God brainstorms, too. The future is open for God, because human decisions are not made until they are made. God doesn't know what we will do until we do it. After we do it, God must scan the divine imagination and offer us fresh possibilities for responding to the new situation.
Co-Creativity and Co-Imagination
God needs our ideas. Even as God offers novelty to us, so we offer novelty to God. If not in the content of our ideas, then at least in the very act of coming up with them, something new is added to God. God needs something to respond to. God needs topics; we give them. So do the stars and planets, the hills and rivers, the molecules and atoms. It is true that God creates the universe by offering it fresh possibilities, and it is also true that the universe creates God by offering God such possibilities. God and the Universe co-imagine themselves in relation to one another.
Brainstorming can be healthy or unhealthy, constructive or destructive, holy or unholy, selfish or compassionate. Unhealthy brainstorming is disrespectful of introverts, overly frenetic, aimed toward selfish ends, and overly preoccupied with ends. It has adventure without peace. It is novelty without love. Healthy brainstorming is respectful of introverts, tinged with a contemplative dimension, enjoyable in its process, and aimed toward constructive ends. It combines adventure and peace. It is novelty with love.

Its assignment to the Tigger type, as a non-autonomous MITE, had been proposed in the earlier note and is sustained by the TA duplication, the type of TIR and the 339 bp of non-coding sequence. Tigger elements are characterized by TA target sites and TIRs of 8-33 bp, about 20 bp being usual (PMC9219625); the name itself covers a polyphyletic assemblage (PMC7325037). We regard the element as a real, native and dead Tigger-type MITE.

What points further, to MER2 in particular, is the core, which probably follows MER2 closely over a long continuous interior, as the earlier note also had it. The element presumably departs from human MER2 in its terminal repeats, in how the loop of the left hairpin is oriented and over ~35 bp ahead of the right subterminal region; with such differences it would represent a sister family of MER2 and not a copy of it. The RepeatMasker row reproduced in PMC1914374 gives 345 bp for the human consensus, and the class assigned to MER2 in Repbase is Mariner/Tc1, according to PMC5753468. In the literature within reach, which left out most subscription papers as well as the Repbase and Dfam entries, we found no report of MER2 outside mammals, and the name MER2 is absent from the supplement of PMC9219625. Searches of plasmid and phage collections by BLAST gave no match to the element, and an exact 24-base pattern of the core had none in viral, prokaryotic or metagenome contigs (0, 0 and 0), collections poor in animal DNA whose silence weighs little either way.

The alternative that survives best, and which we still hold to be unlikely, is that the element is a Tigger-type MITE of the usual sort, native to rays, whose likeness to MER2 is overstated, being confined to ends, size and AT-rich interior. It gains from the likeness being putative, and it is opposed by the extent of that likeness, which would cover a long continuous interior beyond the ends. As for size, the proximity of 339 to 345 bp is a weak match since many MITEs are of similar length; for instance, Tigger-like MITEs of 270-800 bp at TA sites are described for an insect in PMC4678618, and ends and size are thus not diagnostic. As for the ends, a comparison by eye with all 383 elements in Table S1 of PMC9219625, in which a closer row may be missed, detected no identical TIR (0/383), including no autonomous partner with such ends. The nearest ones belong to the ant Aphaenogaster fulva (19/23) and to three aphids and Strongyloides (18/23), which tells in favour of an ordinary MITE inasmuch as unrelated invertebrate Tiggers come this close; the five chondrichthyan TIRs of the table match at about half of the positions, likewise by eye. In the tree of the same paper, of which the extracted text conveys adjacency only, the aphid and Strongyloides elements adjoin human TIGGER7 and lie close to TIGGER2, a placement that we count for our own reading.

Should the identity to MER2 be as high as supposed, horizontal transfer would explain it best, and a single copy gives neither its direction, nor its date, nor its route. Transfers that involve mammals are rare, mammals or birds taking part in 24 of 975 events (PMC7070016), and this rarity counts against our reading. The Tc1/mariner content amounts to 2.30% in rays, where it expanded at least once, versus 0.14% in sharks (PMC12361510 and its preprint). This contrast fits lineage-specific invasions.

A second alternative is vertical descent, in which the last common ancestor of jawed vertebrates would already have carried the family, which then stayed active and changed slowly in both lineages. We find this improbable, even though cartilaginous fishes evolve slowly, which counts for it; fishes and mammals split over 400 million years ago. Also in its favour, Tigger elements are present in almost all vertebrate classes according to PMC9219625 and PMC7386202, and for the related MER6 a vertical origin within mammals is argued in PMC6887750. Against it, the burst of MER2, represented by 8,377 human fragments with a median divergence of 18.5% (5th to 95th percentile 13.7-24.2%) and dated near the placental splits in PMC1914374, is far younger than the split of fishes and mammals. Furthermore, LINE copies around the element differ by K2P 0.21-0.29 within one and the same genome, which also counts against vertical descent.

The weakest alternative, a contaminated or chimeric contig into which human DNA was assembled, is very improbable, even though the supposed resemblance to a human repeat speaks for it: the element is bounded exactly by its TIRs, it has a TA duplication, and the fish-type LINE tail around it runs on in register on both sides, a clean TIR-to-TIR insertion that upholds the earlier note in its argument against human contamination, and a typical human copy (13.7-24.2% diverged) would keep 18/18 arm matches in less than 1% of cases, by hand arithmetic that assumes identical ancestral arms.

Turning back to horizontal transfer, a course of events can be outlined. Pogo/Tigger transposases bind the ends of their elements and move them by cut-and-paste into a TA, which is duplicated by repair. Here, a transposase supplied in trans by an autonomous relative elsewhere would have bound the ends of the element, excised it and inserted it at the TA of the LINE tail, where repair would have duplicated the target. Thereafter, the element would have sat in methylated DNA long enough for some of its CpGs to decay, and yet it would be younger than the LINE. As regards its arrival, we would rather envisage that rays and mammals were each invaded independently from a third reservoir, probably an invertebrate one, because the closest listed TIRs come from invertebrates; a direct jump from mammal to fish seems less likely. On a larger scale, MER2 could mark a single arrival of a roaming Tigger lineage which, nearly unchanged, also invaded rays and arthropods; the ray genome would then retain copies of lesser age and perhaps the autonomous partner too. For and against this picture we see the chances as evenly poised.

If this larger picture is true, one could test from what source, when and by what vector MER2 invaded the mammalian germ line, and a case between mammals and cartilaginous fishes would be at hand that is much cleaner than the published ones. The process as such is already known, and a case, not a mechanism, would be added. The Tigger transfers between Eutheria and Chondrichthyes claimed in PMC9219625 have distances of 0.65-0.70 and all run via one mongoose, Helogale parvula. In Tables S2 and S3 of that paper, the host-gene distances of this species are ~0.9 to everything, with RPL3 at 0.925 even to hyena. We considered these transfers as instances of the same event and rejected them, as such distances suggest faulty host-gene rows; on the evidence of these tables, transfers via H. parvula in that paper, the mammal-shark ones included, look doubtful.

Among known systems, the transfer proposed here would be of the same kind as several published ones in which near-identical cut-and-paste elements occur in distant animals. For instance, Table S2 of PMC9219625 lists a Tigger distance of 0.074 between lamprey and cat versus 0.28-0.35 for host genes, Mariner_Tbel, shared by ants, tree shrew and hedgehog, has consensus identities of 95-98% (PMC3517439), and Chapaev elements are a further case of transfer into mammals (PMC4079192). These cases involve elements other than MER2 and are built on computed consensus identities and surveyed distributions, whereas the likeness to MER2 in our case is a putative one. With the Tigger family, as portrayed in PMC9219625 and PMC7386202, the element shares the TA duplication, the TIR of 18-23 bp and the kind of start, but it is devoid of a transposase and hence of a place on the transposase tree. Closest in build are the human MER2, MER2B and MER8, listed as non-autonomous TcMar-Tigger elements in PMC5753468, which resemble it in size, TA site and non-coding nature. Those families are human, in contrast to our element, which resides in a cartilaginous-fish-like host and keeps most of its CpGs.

Constructive ends are ends that serve the well-being of people, other living beings, and the planet. John Cobb's Ten Ideas for Saving the Planet offers topics which, if brainstormed about, can serve the well-being of the planet. They include "how to build healthy community" and "how to organize the economy in ways that are beneficial to human beings and the earth" and "how to reform education so that it serves wisdom."
All compassionate brainstorming is prayer. It is a relinquishment of rigidified ideas that block the mind, a sharing in the imagination of others, and a shared journey into a realm of fresh possibilities whom some name "God." Those who undertake the pilgrimage may not believe in God as a monarchical being separate from the world. Instead they may imagine God as a womb-like mind within whose life the universe lives and moves and has its being. Or they may not believe in God at all. Still, in compassionate brainstorming, they are praying.
Faith and Brainstorming
There dwells, deep within the heart of the universe, a source of new possibilities for thinking, feeling and acting which, if accessed, provides healing and hope. This well-spring of possibility is God. Brainstorming involves trust in the availability of fresh possibilities.
In this sense it is always premised on faith in constructive novelty which is, for process thinkers, faith in God.
Faith in God is like faith in dancing. If you are in the presence of others who have the rhythm, you feel it through them. Faith can be shared and felt.
Faith does not depend on an individual act of affirmation. When we are in the presence of dancers we are danced by them, even when we cannot dance. They share their faith with us, and it is contagious. Sometimes shared imagination is shared faith. It's natural response is surrender.
Not to an autonomous ego, but to the source of all new possibilities. This source is akin to a divine Beloved in whose presence we dance. We dance with the Beloved and the Beloved with us. Faith is in the dancing.
I'm sure he's right. If it is to work, it needs tension and friction, albeit with respect. But in truth, it doesn't need to work. It just needs to play. The wisdom of brainstorming is in the process itself. No need for prophets or profits. Just the enjoyment of collaborative pleasure. It's worship, after all.